Captain Gregoria is preparing a traverse to protect it from the sea fire of the enemy.
He put up a small traverse on the parapet of columbiad while a hot fire was going on.
Captain Pringle has been exceedingly energetic, as chief of artillery, and our fire this morning was well directed.
Both guns were fired at an elevation of 2 deg.
The monitor was seen to move quickly forward at the flash of our guns. If no other rifled gun is to be sent here, please direct what disposition shall be made of the rifled shell at Cumming's Point, and the few here. A 10-inch columbiad, chassis should be hurried forward. When can I expect it? Ten-inch shot are badly needed at Battery Gregg.
The Twentieth and Twenty-first South Carolina Regiments man this battery and furnish fatigues.
The First Georgia pickets part of the beach, and awaits relief at Cumming's Point, being very much exhausted.
Very respectfully, your obedient servant,
LAWRENCE M. KEITT,
Captain W. F. NANCE,
HEADQUARTERS BATTERY WAGNER,
August 19, 1863.
CAPTAIN: I reported yesterday evening the events of the day up to about 5 p.m.
Just before this time, the enemy, annoyed by our sharpshooters, fired small Parrott guns at their positions, lasting a short time, and at 6.30 p.m. they opened a fire of small mortars, lasting about an hour.
The men who had been in the rifle-pits in front during the day reported the death of Private Ellerbee Bradock, Company D, Twenty-first South Carolina Volunteers; killed by shot in the head from enemy's sharpshooters.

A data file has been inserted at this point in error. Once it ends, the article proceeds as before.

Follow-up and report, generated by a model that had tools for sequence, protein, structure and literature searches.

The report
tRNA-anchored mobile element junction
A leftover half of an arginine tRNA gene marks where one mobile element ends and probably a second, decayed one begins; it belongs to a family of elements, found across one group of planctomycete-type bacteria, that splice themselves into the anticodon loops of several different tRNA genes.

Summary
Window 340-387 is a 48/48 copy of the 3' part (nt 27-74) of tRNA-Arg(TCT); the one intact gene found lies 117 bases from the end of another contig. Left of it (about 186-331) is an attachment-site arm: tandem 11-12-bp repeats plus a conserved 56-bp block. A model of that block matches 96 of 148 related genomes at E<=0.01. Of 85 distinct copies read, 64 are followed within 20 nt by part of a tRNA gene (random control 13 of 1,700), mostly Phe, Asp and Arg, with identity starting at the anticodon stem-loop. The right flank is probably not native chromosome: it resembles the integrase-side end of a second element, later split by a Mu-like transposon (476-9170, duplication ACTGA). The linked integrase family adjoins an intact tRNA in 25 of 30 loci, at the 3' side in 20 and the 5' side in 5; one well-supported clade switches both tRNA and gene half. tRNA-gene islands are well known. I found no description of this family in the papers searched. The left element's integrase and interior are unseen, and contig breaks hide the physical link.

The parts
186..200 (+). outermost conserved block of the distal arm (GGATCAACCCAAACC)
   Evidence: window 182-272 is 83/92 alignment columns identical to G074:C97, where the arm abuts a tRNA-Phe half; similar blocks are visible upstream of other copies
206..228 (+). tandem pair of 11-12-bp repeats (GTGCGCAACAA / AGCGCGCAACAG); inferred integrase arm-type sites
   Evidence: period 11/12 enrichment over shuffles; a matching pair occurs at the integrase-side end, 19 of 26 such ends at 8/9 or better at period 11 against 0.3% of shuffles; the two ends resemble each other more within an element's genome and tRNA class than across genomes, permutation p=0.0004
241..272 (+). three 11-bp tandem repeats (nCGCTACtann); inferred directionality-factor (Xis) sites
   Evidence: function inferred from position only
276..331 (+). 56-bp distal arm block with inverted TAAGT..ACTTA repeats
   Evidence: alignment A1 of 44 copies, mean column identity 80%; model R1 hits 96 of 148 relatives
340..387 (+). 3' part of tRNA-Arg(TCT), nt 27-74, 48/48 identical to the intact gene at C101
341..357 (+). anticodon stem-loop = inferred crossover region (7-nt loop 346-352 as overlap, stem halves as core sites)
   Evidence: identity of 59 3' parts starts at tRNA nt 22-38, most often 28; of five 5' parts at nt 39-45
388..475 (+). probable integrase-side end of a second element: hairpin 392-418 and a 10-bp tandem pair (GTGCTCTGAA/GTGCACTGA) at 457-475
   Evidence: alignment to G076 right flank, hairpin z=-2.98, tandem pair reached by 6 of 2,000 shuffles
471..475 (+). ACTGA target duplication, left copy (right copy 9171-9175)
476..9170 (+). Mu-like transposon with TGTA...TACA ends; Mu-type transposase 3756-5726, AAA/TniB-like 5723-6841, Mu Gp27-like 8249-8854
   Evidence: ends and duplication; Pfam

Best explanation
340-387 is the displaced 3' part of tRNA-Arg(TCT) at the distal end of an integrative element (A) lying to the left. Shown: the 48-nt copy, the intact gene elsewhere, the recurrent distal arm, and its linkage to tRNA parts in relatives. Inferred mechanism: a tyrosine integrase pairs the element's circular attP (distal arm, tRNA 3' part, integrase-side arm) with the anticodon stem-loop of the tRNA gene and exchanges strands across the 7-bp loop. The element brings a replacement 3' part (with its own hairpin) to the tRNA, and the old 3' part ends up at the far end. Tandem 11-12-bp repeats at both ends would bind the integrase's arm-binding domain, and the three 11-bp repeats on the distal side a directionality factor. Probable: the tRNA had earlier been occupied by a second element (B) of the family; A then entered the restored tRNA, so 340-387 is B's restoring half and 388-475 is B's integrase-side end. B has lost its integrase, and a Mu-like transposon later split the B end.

At 9 p.m. our picket in front reported that the enemy showed no disposition to advance, but were working busily, apparently driving stakes in their old position.
The First Georgia was at Cumming's Point, awaiting relief, and furnished 30 men for beach picket. The Twentieth South Carolina furnished 30 men for beach picket, the garrison guard 64, and front picket of 100. The Twenty-first South Carolina furnished two fatigue parties of 100 each for the engineer, working all night; no fire on either side. The sea face was worked over, and traverses placed on parapets of its right and center chambers, to guard against left-oblique fire of the monitors, such as destroyed the rifled gun.
A commencement was made toward placing the old smooth-bore 32-pounder in the salient, but I finally determined, with the advice of my artillery and engineer officers, to mount it where it stood, in place of the now worthless rifled gun. I hope to do so to-night. The chassis was, therefore, replaced by Captain Pringle. The chief difficulty feared was the large amount of labor and sand-bags required to make a traverse to protect this gun in the salient.
A cool and high wind prevailed yesterday, driving sand about, to the great discomfort of our men.